[@tmp = split;] splits each incoming line of the file on whitespace and stores the words, as an array, in @tmp. (The while() loop is iterating across each line in the file.) An array reference containing @tmp is then pushed onto @AoA.

The best way to accomplish 'converting @tmp into a string', if you want to do something with it right there, is to never converted it out of being a string; the split is operating on $_, which is a string (the while loop is implicitly setting this). If you do regex operations like s/foo/bar/ within that loop, they'll automatically operate on $_.

So one way to accomplish what you say you want (with the code simplified somewhat) is:

while(<$fh>) {
        if /[^\s\d]/;
    push @AoA, [split];

If you truly desired to reconvert @tmp to a string, you could do:

my $tmp = join ' ', @tmp;
share|improve this answer

Actually, the while (<$fh>) line splits the file by lines; each iteration of the loop will have a new line stored in $_.

The marked line splits the line stored in $_ by whitespace. So, @tmp will be an array containing all of the words on the line: if the line contains foo bar baz, @tmp will be ('foo', 'bar', 'baz').

If you want to do a regexp match on the line in question, then you should do that before you split the line. A regular expression in perl matches against $_ by default, so the line is pretty simple:

while (<$fh>)
    last unless /^[\s\d]*$/;
    @tmp = split;
    push @AoA, [@tmp];
share|improve this answer
Wow, I somehow missed that 6 other people had already answered this, and it had been accepted. –  Brian Campbell Apr 4 '09 at 4:55

Warning, \d doesn't mean [0-9] in Perl 5.8 and 5.10 (unless you use the bytes pragma). It means any UNICODE character that has the digit property, such as MONGOLIAN DIGIT FIVE U+1815 (᠕), if you want to restrict it to only whitespace and numbers you can do math with, you need to say /^[\s0-9]$/.

share|improve this answer

split takes the string it is given and turns it into an array by splitting on whitespace - since no parameter is given, it will split the $_ variable (this is given each line from the file in $fh in turn.

It is not necessary to convert @tmp into a string, since that string is already in the $_ variable.

In order to stop the loop if you match any single character that is not whitespace or numeric:

last if /[\s\d]/;

This is slightly different from your version, which would match any complete line that consisted of only non-whitespace and/or non-numeric.

share|improve this answer

The first line is a while loop like any other, but its "condition" reads a line of input from the filehandle $fh into the default variable $_. If the read succeeds (i.e. we're not at the end of the file), the body executes. It's essentially a "for each line in the file $fh".

The next line is splitting the items in $_ (the default variable, remember, so it's left out of the call to split) by whitespace (the default separator), and storing the result in @tmp. The last line adds a REFERENCE to @tmp to @AoA, an array of array references.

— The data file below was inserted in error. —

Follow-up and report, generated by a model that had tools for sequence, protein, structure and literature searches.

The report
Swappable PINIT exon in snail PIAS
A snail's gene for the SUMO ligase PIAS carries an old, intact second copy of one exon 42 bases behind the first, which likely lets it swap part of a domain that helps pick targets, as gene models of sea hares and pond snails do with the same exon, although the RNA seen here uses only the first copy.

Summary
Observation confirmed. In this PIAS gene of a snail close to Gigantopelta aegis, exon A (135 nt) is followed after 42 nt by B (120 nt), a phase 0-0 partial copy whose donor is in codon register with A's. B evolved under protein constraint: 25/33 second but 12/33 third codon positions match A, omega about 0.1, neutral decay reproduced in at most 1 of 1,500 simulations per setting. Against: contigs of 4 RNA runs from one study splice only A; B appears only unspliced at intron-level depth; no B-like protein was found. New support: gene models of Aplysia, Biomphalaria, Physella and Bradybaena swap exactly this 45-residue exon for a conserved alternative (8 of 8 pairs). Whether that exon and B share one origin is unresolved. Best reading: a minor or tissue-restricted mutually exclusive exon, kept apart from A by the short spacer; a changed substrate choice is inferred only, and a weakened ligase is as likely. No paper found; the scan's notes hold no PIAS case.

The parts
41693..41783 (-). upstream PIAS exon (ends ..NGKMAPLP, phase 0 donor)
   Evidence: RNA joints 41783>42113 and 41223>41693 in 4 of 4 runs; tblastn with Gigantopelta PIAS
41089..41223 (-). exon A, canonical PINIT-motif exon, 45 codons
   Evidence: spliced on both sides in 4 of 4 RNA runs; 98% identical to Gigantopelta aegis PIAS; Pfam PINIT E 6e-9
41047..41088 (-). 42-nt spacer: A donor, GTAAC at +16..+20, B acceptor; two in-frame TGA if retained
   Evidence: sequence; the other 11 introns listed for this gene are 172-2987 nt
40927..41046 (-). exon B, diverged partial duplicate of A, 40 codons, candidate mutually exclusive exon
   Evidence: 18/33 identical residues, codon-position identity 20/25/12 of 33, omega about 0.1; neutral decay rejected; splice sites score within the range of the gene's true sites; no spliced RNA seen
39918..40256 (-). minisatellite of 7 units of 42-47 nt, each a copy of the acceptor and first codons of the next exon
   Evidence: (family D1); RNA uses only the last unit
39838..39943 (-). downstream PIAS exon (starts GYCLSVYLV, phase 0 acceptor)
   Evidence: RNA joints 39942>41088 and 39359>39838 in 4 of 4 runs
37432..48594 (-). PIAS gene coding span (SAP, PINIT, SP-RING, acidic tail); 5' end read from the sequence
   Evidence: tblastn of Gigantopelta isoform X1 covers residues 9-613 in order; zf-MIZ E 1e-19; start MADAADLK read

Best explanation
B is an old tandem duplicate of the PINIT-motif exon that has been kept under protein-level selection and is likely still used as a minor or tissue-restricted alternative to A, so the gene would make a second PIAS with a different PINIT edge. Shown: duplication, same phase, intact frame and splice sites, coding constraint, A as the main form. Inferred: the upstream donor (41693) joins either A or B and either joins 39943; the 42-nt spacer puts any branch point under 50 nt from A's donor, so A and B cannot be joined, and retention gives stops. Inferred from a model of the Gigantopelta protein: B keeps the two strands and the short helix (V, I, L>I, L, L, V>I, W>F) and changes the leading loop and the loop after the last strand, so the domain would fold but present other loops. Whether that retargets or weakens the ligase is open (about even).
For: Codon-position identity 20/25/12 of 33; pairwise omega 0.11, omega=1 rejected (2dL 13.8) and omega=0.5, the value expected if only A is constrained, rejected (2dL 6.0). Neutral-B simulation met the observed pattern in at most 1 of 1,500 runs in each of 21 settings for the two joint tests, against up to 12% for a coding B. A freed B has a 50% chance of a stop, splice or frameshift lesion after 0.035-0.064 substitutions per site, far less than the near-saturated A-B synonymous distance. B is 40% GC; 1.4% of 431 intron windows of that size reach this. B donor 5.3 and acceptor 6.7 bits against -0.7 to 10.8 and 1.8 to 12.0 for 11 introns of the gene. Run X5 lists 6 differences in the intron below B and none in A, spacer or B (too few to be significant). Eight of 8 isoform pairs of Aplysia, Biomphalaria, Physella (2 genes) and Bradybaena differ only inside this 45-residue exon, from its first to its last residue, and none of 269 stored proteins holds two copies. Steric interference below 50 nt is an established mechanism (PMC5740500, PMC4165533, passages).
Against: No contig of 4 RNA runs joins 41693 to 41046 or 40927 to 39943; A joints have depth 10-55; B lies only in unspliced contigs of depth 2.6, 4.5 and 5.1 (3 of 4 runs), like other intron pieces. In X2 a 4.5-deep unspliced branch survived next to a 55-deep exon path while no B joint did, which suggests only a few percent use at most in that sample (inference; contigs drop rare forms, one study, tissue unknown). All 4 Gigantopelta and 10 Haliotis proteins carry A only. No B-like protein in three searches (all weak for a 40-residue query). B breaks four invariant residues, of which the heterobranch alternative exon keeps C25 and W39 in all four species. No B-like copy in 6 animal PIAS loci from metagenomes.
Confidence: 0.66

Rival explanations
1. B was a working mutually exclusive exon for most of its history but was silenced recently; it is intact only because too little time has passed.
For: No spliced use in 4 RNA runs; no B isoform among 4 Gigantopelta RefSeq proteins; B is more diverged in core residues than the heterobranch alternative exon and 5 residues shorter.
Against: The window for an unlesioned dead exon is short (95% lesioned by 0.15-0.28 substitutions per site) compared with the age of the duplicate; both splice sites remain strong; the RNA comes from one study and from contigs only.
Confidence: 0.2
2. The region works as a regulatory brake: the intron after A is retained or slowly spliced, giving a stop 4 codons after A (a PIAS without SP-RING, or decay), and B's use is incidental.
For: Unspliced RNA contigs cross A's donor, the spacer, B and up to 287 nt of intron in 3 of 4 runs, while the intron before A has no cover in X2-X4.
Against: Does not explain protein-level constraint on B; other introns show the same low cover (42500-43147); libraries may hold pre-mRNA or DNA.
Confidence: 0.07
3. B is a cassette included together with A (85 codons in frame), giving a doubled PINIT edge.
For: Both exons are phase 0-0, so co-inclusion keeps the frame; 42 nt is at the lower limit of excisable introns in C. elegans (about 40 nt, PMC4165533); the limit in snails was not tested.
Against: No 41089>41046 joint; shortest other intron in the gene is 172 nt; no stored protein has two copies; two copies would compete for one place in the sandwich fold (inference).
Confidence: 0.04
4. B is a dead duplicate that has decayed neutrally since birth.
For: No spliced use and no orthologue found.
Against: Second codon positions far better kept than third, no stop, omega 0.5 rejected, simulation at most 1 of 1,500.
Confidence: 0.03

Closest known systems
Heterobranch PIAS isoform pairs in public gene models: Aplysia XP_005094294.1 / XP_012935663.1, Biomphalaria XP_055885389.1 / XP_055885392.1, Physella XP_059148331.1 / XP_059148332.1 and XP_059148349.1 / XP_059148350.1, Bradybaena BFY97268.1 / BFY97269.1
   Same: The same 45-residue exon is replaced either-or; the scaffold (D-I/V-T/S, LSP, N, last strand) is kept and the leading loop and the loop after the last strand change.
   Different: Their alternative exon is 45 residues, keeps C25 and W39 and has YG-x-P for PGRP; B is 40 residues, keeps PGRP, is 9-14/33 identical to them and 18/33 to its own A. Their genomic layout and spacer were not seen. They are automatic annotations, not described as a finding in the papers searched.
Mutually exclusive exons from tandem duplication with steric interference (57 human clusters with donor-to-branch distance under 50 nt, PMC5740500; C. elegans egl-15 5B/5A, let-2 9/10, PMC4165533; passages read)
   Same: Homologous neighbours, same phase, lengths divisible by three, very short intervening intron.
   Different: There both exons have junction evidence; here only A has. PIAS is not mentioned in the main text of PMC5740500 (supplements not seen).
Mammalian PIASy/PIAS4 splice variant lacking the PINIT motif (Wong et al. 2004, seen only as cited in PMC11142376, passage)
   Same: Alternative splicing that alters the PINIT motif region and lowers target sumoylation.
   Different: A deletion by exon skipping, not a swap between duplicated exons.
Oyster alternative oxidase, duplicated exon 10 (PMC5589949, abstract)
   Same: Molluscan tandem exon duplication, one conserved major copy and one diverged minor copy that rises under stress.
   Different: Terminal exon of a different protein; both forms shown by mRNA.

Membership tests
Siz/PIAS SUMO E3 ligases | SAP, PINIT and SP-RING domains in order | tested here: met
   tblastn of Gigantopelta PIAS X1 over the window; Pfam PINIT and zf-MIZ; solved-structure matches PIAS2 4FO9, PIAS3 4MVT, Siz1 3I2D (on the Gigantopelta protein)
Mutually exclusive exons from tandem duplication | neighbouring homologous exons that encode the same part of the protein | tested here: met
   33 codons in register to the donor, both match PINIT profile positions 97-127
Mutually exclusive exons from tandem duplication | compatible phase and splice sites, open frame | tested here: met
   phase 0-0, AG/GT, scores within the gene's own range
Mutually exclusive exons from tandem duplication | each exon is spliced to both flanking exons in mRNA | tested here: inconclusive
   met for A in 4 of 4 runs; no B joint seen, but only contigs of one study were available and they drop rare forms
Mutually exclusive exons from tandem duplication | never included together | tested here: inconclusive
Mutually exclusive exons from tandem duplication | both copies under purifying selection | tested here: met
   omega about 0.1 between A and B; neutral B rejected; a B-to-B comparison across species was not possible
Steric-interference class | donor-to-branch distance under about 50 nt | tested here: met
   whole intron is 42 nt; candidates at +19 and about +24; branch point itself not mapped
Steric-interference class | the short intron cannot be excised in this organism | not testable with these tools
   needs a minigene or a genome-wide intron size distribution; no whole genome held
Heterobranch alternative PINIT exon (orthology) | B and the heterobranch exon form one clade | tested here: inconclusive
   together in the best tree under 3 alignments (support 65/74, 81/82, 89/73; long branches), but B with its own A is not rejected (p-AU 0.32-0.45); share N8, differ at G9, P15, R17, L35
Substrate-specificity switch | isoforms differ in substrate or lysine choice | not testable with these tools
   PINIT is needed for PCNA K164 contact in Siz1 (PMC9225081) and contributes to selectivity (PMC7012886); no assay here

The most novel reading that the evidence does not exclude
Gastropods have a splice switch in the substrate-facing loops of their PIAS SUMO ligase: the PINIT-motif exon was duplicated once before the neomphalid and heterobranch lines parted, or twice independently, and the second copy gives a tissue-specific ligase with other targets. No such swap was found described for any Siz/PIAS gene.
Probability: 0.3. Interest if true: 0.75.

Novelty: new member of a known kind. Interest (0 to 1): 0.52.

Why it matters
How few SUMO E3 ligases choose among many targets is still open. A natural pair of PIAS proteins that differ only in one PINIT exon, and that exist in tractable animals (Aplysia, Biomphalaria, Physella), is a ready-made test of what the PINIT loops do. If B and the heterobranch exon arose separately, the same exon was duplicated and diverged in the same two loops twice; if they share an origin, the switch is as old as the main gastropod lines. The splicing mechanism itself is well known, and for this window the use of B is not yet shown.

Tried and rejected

So, what you want to do is say (at the top of the loop)

last if $_ =~ <apropriate regex here>;
share|improve this answer
It doesn't add a reference to @tmp. It adds a reference to an anonymous array, and @tmp is copied into this anonymous array. If it was a reference to @tmp, it would look like push @AoA, \@tmp; –  Chris Lutz Apr 4 '09 at 4:52
Which would be bad since @tmp is not a lexical variable (all of the references in @AoA would point to the same array, @tmp). –  Chas. Owens Apr 4 '09 at 5:17
A bit pedantic, but you're correct. However, what I said was effectively true (I tested both the [@tmp] and \@tmp syntax). Effectively the interpreter is either creating another reference to the @tmp list, or it's creating an anonymous list with the same values. It works the same either way. –  Benson Apr 4 '09 at 5:41
No, it isn't. All of the \@tmp references in @AoA point to the same array, this is a bad thing. See example here: codepad.org/KEvNAyzh –  Chas. Owens Apr 4 '09 at 6:06
That's a bit odd, then, because I tested it and it worked like I expected. –  Benson Apr 6 '09 at 16:55

The core questions have been pretty well covered already, but there's one aspect of the "turning @tmp back into a string" subquestion that hasn't been explicitly mentioned:

$_ and join ' ', @tmp are not equivalent. $_ will contain the line as originally read. join ' ', @tmp will contain the words found on the line, joined by single spaces. If the line contains non-space whitespace (e.g., tabs), words separated by multiple spaces, or leading whitespace, then the two versions of the "complete" line will be different.

share|improve this answer

ok cool!

shorthand explains a lot.

So I can do this..

while (<$fh>)
        if( /^[/s/d]*$/ ){
          //do something
          //do something else;

        @tmp = split;
        push @AoA, [@tmp];
share|improve this answer
I would say "push @AoA, [split];" instead, there is no need for the temporary variable. –  Chas. Owens Apr 4 '09 at 4:27
oh god, these shorthands are mesmerizing! –  Omnipresent Apr 4 '09 at 4:46
coming from the java world, perl seems SO MUCH stronger –  Omnipresent Apr 4 '09 at 4:47
Take a look a Groovy (groovy.codehaus.org) it is a high level language that targets the JVM and can interoperate with Java. Still not as good as Perl though. –  Chas. Owens Apr 4 '09 at 5:53
I would prefer while( my $line = <$fh> ){ –  Brad Gilbert May 7 '09 at 21:23

Your Answer


By posting your answer, you agree to the privacy policy and terms of service.

Not the answer you're looking for? Browse other questions tagged or ask your own question.